"Football is on trial," President Theodore Roosevelt declared in 1905. So he launched the effort that saved the game
September 20, 2011 | By Karen Abbott
The showman whom John Lennon immortalized in song was a real performer—a master horseman and Britain's first black circus owner
September 08, 2011 | By Mike Dash
She had the eyes of a sparrow, the neck of a bear and enough business acumen to build an empire as the "Queen of Fences."
September 06, 2011 | By Karen Abbott
No structure in the world is more mysterious than the Great Pyramid. But who first broke into its well-guarded interior, and when? And what did they find there?
September 01, 2011 | By Mike Dash
Known as much for their troubles as their successes, these childhood friends left their mark on early American history
August 12, 2011 | By David O. Stewart
To protect the fruits of their labor and thwart "plant thieves," early American growers enlisted artists
August 2011 | By Daniel J. Kevles
The Irish American immigrant made a fortune by supplying the giant stone coins prized by Yap islanders
July 28, 2011 | By Mike Dash
Civil War scholar Harold Holzer helps to decode what spectators heard when the 16th president spoke
June 07, 2011 | By Megan Gambino
Sketches by Boz, the volume of newspaper columns that became Dickens’ first book, invokes a colorful view of 19th-century England
June 06, 2011 | By Rebecca Dalzell
In 1865, a single photograph was taken during the autopsy of John Wilkes
Booth. Where is it now?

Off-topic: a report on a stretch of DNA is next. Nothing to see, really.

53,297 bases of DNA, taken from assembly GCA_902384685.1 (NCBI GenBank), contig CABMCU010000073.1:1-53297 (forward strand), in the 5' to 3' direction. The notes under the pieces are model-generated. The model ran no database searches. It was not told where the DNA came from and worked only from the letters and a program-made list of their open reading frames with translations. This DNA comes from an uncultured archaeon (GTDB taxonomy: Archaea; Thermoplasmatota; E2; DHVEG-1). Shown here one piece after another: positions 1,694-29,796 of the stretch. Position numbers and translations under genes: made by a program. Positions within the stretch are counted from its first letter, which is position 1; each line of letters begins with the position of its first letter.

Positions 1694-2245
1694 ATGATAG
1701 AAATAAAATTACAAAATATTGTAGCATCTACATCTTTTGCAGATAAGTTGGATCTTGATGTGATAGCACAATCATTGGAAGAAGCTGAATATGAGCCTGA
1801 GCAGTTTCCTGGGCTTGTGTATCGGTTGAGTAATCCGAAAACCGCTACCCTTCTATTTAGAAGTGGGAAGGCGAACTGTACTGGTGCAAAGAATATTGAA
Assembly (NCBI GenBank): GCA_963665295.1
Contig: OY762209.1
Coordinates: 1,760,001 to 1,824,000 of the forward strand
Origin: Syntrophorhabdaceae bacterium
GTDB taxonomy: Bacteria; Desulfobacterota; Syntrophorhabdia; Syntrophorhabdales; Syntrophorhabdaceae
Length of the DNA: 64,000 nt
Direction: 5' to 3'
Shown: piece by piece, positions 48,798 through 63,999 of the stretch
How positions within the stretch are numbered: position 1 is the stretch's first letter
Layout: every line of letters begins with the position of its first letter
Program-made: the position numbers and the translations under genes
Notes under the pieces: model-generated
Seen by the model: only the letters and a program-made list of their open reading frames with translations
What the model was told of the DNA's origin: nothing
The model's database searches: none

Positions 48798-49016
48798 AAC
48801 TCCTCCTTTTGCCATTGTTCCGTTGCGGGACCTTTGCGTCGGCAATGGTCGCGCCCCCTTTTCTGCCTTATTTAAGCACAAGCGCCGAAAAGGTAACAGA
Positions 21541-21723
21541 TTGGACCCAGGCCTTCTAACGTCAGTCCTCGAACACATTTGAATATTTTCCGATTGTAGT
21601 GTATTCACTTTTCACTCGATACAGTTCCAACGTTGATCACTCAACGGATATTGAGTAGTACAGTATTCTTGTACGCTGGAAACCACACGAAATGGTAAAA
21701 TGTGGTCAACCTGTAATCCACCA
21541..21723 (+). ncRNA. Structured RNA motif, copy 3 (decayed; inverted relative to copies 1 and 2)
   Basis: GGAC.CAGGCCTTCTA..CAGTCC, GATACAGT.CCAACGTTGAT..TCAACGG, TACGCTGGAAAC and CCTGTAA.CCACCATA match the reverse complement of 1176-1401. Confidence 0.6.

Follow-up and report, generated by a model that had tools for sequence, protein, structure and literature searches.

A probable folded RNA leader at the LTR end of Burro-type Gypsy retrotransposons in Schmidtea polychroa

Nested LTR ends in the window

May 06, 2011 | By Ashley Luthern
Of all the images created by the artist Paul Gauguin, none was more striking than the one he crafted for himself
March 2011 | By Ann Morrison
In 1830, a brutal crime in Massachusetts riveted the nation—and inspired the writings of Edgar Allan Poe and Nathaniel Hawthorne
November 2010 | By E.J. Wagner
A pair of woven, beaded garters reflects the spirit of Seminole warrior Osceola
October 2010 | By Owen Edwards
Born in 1860, the famed female sharpshooter skillfully cultivated an image of a daredevil performer with proper Victorian morals
August 12, 2010 | By Jess Righthand
Unknown and forgotten to history, these painters of America's great landscapes are finally getting their due in a new exhibition
July 21, 2010 | By Judith H. Dobrzynski
A letter that took two years to reach its destination evokes the hazards of the Pony Express
May 2010 | By Owen Edwards
Frances Benjamin Johnston's self-portraits show a woman was never content playing just one role
May 2010 | By Victoria Olsen
A chance encounter on a New Orleans dock in 1858 haunted the writer for the rest of his life
May 2010 | By Ron Powers
What happened to Officer John Parker, the man who chose the wrong night to leave his post at Ford's Theater?
April 08, 2010 | By Paul Martin
In 1851, Levi Hill claimed he invented color photography. Was he a genius or a fraud?
April 2010 | By Amanda Bensen